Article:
@MissTina Another great question!
When snow balls up under your crampons it is not painful, however, it is at best annoying and at worst hazardous to your footing. Basically, 'snow balling' is simply snow building up in the open space between your crampon spikes...think about it like when using a cookie cutter and the cookie lifts off the counter and stays inside the cutter.
This phenomenon typically occurs in deep, soft, wet snow. If you're using your crampons on ice or hard pack snow it is normally not as much of a problem. Some mountaineering crampons come with anti-balling plates, which allow the snow to be pushed out from between the crampon spikes with each step. The trail crampons you are looking at don't normally come with anti-balling plates.
Crampons are designed to have their points grip into hard surfaces (ice, or hard pack snow). An important factor in thinking about crampons is the depth of the snow: is the snow too deep for your crampon points to grip? This is why mountaineers often get an 'alpine start' (leaving well before sunrise) so that the surface of the snow is harder and they sink in less (it is also safer from objective dangers like rockfall and avalanches).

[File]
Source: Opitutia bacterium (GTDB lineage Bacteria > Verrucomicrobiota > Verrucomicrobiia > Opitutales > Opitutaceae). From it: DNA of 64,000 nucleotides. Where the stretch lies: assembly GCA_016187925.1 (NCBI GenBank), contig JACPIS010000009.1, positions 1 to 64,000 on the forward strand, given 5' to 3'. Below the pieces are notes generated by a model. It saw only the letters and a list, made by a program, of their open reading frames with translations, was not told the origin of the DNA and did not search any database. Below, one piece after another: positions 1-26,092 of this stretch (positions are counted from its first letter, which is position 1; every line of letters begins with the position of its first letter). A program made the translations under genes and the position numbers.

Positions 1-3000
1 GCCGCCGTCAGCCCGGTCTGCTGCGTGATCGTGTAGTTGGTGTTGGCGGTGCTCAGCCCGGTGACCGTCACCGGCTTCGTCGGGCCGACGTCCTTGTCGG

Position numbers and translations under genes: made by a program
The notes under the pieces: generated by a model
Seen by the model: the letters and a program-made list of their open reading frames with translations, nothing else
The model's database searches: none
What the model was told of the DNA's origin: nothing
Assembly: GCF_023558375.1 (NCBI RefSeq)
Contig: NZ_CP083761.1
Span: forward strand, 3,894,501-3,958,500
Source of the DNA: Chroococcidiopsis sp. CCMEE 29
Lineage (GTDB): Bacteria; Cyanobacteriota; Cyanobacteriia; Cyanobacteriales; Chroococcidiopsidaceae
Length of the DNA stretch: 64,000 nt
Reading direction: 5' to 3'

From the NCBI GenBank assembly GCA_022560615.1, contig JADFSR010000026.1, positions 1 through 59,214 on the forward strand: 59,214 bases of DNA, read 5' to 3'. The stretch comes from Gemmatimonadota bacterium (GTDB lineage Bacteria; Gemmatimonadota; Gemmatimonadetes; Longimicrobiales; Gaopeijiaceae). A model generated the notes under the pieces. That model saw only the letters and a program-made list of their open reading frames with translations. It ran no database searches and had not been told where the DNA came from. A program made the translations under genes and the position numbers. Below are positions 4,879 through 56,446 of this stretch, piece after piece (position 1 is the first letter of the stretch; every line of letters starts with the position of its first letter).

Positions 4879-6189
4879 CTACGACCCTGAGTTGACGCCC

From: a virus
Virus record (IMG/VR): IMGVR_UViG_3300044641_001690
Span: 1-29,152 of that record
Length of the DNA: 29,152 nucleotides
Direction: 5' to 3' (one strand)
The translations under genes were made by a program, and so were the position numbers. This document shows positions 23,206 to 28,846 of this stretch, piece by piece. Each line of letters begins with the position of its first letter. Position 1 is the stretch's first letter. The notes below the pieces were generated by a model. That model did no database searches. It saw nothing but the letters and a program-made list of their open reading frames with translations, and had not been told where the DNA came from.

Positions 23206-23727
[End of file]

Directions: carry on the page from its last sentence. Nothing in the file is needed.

If your primary use of crampons is for hiking on trails and to carry with you in the event that you encounter ice and snow, then I don't think you'll need to worry about the anti-balling plates. I would definitely recommend a good pair of trekking poles if you haven't invested in them yet! If you are going to be hiking specifically on snow in varying conditions, I would recommend looking at a pair of snowshoes (they give you traction and floatation on snow). If you are hoping to travel vertically, in the alpine, with potential for glacier travel in addition to snow and ice, then crampons with anti-balling plates would be a good idea.
Hopefully this helps, keep the good questions coming!